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Q. Is there a problem (in America) with mailing something on Friday because it may cause a Jew to do work on Shabbos?

A. Thank you for your question. Unless you know that your mail carrier is Jewish, this is not a problem, because we may assume that most people in the post office are not Jewish. However, there were many Gedolim who would not do so, anyway, because of the possibility of causing a fellow Jew to violate Shabbos. If you are looking for something to accept as a Chumra, I would think that this would be a viable candidate, as it demonstrates concern for our fellow Jews, and doesn’t cause anyone an inconvenience.

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Q. My mother lights candles for me on friday night, and we make early shabbos. Is it possible for me to not be yotzay with her at the time she lights, and accept shabbos at a later time even if i dont light myself?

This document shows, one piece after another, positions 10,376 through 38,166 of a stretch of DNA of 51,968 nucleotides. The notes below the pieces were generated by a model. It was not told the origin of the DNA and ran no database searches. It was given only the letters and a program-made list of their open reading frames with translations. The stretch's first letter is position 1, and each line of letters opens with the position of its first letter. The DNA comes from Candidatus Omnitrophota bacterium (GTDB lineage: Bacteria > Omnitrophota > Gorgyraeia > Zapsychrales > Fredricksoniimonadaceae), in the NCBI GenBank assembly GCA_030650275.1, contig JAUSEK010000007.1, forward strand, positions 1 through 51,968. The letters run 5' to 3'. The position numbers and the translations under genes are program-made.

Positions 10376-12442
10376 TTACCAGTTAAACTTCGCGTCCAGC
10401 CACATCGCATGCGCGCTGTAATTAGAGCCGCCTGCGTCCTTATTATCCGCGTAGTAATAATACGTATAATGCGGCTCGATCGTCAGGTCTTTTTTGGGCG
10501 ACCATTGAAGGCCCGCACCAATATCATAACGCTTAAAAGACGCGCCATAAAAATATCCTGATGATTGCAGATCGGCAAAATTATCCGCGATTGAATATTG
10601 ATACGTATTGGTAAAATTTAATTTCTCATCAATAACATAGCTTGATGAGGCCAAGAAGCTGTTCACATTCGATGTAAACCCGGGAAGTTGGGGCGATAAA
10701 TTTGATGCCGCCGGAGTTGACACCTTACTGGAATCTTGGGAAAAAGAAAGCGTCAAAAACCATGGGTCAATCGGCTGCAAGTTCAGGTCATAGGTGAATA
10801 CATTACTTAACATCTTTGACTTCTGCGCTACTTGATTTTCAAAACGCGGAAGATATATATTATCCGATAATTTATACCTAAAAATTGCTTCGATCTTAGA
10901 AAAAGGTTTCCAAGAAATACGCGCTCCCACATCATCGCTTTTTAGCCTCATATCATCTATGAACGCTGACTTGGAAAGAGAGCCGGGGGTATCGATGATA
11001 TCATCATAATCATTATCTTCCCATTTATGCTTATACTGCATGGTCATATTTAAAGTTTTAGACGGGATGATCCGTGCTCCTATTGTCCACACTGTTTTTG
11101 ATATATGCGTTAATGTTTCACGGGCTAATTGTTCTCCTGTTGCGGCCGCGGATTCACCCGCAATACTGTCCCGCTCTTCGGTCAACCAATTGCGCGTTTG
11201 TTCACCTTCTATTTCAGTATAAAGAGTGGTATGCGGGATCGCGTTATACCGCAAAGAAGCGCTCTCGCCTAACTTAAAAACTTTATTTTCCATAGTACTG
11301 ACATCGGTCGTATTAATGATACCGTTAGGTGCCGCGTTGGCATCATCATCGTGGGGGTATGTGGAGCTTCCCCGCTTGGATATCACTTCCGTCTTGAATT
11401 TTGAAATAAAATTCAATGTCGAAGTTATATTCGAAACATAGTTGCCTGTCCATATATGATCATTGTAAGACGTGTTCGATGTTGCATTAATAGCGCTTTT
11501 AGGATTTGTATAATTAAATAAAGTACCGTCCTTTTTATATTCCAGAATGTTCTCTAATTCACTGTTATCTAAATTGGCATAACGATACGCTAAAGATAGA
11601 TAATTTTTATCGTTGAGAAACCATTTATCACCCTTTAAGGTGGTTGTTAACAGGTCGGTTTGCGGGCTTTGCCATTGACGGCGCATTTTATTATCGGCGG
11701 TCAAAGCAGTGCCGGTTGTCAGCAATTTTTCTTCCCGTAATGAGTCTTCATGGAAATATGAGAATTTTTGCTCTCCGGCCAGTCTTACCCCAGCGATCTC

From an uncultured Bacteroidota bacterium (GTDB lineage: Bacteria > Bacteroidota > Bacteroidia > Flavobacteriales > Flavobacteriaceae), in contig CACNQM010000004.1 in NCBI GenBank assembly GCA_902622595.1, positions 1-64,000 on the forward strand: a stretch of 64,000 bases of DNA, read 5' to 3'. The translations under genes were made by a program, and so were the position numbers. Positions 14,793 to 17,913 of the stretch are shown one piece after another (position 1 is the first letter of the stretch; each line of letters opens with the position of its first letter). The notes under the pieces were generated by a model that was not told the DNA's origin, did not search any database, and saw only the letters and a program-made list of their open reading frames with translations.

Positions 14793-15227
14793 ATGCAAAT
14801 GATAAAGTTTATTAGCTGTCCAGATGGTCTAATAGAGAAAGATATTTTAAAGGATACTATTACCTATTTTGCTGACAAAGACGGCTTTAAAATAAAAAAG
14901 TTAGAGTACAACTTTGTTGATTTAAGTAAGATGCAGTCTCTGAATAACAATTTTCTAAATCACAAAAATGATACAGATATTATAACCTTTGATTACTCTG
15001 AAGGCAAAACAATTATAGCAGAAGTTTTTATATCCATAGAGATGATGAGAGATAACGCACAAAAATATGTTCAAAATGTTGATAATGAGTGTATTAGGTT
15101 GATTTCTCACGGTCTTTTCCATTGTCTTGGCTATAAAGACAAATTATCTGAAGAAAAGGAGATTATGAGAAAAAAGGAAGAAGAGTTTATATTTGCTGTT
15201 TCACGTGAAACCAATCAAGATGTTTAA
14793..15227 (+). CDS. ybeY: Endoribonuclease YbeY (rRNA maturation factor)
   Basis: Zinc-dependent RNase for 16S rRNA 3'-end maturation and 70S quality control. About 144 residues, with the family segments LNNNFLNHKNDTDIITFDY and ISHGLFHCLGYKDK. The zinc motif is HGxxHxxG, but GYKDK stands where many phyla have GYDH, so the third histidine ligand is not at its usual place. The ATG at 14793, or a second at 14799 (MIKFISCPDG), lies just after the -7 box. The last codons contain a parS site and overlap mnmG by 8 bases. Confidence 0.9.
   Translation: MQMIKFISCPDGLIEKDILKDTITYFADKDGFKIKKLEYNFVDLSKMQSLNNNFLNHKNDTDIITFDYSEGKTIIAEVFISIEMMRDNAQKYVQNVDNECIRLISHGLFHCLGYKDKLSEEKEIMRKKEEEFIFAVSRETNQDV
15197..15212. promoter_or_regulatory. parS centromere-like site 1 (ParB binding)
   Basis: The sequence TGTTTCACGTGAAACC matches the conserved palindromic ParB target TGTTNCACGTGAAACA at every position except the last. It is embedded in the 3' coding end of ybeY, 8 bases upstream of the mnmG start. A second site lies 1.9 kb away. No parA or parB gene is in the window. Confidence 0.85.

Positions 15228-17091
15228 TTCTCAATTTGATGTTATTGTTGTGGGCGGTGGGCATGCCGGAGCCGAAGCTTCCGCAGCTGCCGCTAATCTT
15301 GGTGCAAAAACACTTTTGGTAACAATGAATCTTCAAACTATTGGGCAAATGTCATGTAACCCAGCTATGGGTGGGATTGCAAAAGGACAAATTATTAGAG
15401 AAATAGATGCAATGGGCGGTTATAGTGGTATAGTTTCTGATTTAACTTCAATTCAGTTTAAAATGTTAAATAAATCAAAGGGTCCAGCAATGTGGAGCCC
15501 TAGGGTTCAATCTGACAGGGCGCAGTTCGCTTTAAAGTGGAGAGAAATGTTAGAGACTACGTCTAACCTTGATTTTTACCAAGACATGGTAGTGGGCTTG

A. Thank you for your question. I’m not sure what you mean by “lights candles for me”. Does this mean that you live at home and she lights for the entire household? If so, then you should accept Shabbos when she lights, unless it is under extremely urgen circumstances, in which case she herself could light candles and stipulate that she doesn’t acceppt Shabbos by doing so. However, if you don’t live at home, even though your mother may light an extra candle for you, as most women have a Minhag to light an extra candle for each child, this does not take care of your own obligation to light, and you yourself should do before you or your community accepts Shabbos. The fact that your mother lights a candle for you does not affect when you accept Shabbos, in this case.